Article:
Class Tree
Description Problem description

The input of the Schur number problem consists of two integers m and n. We need to distribute integers from 1 to n to m disjoint sets so that all of the sets are sum-free. By sum-free, we mean if x and y both belong to the set, then x+y is not in the set.

In our version of the Schur number problem, we have an extra input
which specifies the assignment of the first k integers to sets. The
task then is to check if the given partial assignment can be extended to
a full sum-free assignment.

In this suite of instances, we set m to 5 and n to 130. For instances in the SAT category we have k=15. For instances in the UNSAT category, we have k=20.

Input Format

Each input is stored in a plain text file. The format of the file is as follows:

a. The first line is a comment that records the seed we used to generate
the instance. It should be discarded by the ASP system.

b. The next 130 lines define the numbers from 1 to 130 using a unary
predicate called "number". For example:

c. The next 5 lines define the five sets using the unary predicate "part"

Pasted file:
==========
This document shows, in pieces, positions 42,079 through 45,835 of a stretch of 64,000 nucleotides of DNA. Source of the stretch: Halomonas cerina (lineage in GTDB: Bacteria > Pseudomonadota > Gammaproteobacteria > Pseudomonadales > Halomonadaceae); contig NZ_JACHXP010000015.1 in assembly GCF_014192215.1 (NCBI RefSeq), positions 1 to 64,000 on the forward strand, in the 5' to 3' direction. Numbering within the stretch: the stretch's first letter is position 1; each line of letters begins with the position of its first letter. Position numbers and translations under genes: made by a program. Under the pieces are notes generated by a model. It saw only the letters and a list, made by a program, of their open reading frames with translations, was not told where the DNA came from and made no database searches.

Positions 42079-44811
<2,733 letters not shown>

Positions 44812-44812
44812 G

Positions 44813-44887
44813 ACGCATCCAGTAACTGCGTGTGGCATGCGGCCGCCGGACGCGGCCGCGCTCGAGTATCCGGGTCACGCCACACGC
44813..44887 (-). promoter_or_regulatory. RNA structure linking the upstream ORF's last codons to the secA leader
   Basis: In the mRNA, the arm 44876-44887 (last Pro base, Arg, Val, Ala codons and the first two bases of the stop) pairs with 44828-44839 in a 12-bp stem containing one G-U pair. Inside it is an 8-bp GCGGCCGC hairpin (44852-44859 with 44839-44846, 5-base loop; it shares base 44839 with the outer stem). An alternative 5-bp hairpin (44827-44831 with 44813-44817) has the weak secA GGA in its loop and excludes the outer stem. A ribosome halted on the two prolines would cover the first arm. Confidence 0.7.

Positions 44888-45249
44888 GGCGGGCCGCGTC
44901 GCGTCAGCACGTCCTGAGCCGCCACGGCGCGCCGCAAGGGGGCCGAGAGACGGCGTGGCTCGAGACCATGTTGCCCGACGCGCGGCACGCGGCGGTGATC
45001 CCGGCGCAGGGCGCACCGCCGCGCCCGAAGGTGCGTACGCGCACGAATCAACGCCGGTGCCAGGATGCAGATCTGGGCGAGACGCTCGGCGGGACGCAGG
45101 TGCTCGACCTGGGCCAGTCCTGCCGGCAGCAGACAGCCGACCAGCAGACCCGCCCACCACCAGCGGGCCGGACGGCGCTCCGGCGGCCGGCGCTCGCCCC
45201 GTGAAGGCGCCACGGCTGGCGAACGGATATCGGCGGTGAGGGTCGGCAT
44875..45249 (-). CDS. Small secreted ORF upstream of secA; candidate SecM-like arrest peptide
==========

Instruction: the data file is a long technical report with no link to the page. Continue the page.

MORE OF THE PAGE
part(5).d. The next k lines define the assignment of the first k integers. The
prediate name is "assigned". The predicate takes two parameters (x,y).
Therefore, assigned(x,y) means integer x is assigned to set y. For

We guarantee that the partial assignment is always sum-free.

Output Requirement

The solution must be represented by means of a binary predicate "inpart".
That is atoms of the form "inpart(x,y)" must describe that integer x
belongs to set y. The solution must coincide with the partial assignment
given in the input.

Authors: Lengning Liu and Miroslaw Truszczynski
Affiliation: University of Kentucky
Email: {lliu1, mirek}
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